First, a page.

USA Sets Aggressive Pace for Q1

Jan 5, 2004  •  Post A Comment

As it looks ahead to being swallowed by NBC, USA Network is putting its most aggressive slate of original programming on the air in the first quarter.
Despite being one of the first cable networks to offer original programming, USA has long been seen as a big but nondescript channel, overstocked with tired reruns and second-rate movies. In 2001, when the advertising economy cratered, the network had to cut rates to get sponsors to buy commercials.
Now the network appears to have bounced back from the abyss. The original series “Monk” has gained attention, winning an Emmy for actor Tony Shalhoub and last month racking up three Golden Globe nominations. USA’s “The Dead Zone” has also been successful. At the same time, the acquisition of “Law & Order SVU” has brought viewers back to prime time in significant numbers.
And in the first quarter, “We’re really going to come out of the barn storming and make a big impact,” said Doug Herzog, president of USA Network.
Highlights of the first quarter include:
* Seven new episodes of “Monk” starting Jan. 16, including one featuring the obsessive-compulsive detective’s weirder older brother, played by John Turturro.
* The miniseries “Traffic,” which will appear two hours per night over three consecutive nights beginning Jan. 26.
* The original movie “The Perfect Husband: The Laci Peterson Story,” in which Dean Cain plays Scott Peterson, premiering Feb. 13.
* The launch of “Touching Evil,” based on the British series of the same name. It stars Jeffrey Donovan as a detective who sees things differently after having a near-death experience.
* The second installment of “Nashville Star,” the country cousin of “American Idol.”
* Another original movie, “Going Down: The Rise and Fall of Heidi Fleiss,” starring Jamie-Lynn DiScala (Meadow Soprano of “The Sopranos”) March 29.
Mr. Herzog said viewers will get an eyeful of the direction in which the channel is trying to move. When it was being developed, “Monk,” he said, might have been too “quirky” for the old USA. Instead, it turned out to be the biggest show ever on the network. But “Touching Evil” and “Traffic” are “the next step, a step to get a little more daring, to try to do some things that have never been done before, a little riskier in our presentation,” he said. “I think we’ve got to be contemporary, exciting, take risks, be groundbreaking, because clearly in this television environment, that’s what the viewer demands. And the same old same old is kind of dead.”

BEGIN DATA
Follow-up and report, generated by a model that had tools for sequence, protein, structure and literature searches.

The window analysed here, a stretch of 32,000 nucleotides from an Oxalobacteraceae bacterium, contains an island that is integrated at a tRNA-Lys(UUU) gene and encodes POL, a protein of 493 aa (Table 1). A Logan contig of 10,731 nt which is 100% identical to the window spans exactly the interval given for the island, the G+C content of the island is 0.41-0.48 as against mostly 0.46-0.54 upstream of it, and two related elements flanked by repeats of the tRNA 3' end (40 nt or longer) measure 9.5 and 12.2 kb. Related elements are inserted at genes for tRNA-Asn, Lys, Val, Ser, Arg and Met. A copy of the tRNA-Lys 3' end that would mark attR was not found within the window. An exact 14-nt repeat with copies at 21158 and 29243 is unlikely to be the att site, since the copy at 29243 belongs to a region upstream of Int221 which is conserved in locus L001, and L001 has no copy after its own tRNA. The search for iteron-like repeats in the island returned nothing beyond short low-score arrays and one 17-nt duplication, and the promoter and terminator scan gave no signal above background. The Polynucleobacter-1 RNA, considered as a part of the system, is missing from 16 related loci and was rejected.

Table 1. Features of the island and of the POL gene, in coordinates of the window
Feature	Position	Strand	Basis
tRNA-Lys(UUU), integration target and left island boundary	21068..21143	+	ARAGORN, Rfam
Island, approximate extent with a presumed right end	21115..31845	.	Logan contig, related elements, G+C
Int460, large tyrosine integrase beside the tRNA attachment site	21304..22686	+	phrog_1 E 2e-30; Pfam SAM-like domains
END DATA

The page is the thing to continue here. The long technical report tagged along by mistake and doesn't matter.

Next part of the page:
But not too forward or exciting. Too much of a focus on crime and sex can scare away advertisers, even if it does attract attention.
“We’re not going to try to be FX. They’re doing a very particular thing. They have done it incredibly well. But they have moved the bar in terms of what everybody can do out there,” Mr. Herzog said. “Our future we believe lies more in the `Monks’ and things like `Touching Evil,’ vs. `Peacemakers.”’
“Peacemakers” appeared over the summer and was canceled. The good news about `Peacemakers’ is we did pretty well with it and there’s clearly an appetite for a Western,” Mr. Herzog said. “But I think what we didn’t accomplish with `Peacemakers’ is putting a great contemporary spin on it. I think we want to be seen as contemporary and forward-leaning.”
With “Law & Order: SVU” making huge improvements in key time slots, USA had its highest-rated fourth quarter since 1999.
Madison Avenue is noticing.
“In first quarter they’re hoping to see a bump,” said Ed Gentner, senior VP, group director, national broadcast, MediaVest. “What they’re trying to do is get an identity with their original programming and try to sustain the rating success that they’ve had with the `Law & Order’ franchise.”
USA has done a good job of gradually adding original shows to its programming mix. “They’ve been smart with what they’ve introduced, and I think that could be seen with the success of a `Monk’ and a `Dead Zone,”’ Mr. Gentner said.
Since original programs tend to command higher prices from advertisers, USA has been getting better rates. “They have gotten to a point where they’re really moving with the marketplace,” Mr. Gentner said.
If the first programming clicks, USA will be in a good position when the next upfront rolls around, said Jeff Lucas, head of ad sales for USA’s parent, Universal Television.
“These guys have proven they can make good programming,” Mr. Lucas said. “`Traffic’ can play on any network. We have good stuff. It’s just a matter of letting people know it and that’s what we’ve been trying to do.
“What these shows in first quarter are going to do is garner big numbers, and they’re quality productions with good talent and they’ll put us into great position going into the upfront.”
NBC, which is expected to complete the acquisition of Vivendi-Universal, including its cable networks, by the end of the first quarter, may notice too, but that’s not why so much original material is appearing now.
“Certainly you want to look good for the new guy,” Mr. Herzog said. While nothing has been said officially, Mr. Herzog said he has sensed that things won’t change dramatically in terms of the network’s direction after the merger is completed.
Certainly, he said, he expects to be there. “I haven’t seen any indications otherwise,” he said, adding that he thinks that NBC, with its broad promotional platforms, will help USA’s new shows take off. “We feel pretty bullish about the future,” he said.